7. George

Welcome to Stop #7, George’s Blind, a beautiful spot to enjoy the Indian River Lagoon. 


Listen for the lapping of the water against the mangroves. 


Breathe in the slightly fishy smell mixing with the sea air.


On a sunny day, the Lagoon looks like a floating mass of shimmering diamonds; on a cloudy day, the Lagoon takes on a steely gray quality.


Bird sightings are common at this spot nestled between a red mangrove on your left and a black mangrove on your right.  Mangroves are used by at least 190 bird species.  Take time to see which birds are out.  


Pelicans are usually found swimming in the water or flying overhead.  There are two kinds of pelicans commonly found in the Indian River Lagoon; the Brown Pelican and the White Pelican.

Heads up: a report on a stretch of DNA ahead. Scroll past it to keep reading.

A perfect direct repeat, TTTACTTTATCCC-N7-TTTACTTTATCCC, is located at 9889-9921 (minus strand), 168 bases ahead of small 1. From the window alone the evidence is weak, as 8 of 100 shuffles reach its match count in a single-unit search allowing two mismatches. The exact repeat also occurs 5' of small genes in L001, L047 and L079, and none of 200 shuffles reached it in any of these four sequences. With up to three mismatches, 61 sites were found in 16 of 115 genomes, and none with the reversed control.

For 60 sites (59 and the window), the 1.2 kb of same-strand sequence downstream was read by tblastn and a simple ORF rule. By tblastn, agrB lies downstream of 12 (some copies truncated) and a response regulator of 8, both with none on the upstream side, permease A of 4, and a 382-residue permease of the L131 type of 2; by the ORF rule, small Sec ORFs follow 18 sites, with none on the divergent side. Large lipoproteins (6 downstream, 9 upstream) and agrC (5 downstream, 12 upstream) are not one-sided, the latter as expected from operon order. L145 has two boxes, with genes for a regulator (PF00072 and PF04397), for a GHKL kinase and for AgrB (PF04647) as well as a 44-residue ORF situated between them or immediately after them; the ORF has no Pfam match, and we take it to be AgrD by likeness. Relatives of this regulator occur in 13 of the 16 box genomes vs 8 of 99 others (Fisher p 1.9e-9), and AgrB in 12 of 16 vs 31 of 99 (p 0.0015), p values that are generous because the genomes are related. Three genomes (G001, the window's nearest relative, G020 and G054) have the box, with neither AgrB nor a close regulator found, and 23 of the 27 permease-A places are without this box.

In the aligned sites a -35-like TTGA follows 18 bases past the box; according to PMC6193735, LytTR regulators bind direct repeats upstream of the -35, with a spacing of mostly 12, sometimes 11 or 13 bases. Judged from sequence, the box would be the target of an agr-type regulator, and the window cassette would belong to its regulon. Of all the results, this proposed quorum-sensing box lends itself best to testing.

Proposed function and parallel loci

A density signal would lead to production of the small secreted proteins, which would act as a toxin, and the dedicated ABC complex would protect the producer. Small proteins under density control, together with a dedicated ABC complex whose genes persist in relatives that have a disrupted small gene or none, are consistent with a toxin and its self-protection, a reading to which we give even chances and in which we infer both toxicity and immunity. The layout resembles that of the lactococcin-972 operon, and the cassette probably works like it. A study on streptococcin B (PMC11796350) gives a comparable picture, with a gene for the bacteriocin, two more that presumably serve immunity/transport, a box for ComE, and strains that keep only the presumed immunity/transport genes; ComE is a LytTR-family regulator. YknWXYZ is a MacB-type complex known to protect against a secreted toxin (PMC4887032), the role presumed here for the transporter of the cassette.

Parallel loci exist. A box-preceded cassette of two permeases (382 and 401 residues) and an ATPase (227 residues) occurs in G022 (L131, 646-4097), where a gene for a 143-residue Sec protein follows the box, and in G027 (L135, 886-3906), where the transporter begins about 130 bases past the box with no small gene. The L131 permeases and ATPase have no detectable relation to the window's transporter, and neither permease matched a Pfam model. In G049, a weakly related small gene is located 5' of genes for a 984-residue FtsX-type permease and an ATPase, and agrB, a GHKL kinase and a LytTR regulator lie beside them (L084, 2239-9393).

The Eastern Brown Pelican is a year round resident.  It is a large, brown bird with a 5 foot wingspan, uniquely adapted for diving out of the air to catch fish.  Eastern Brown Pelicans use the islands in the lagoon as rookeries - places to nest and rear their young.  


The American White Pelican breeds in the mid-west and comes to Florida to avoid the cold winters; we call these birds the original “snowbirds.”With a 9 ft wingspan, American white pelicans are much larger than the Eastern brown pelicans.And unlike the solitary browns, the whites are cooperative feeders - which means they work together to corral schools of fish. In groups, they shuffle their feet and then grab their prey out of the water with their long yellow bills.Groups of White pelicans form a line in the water and swim together towards the shore to trap their prey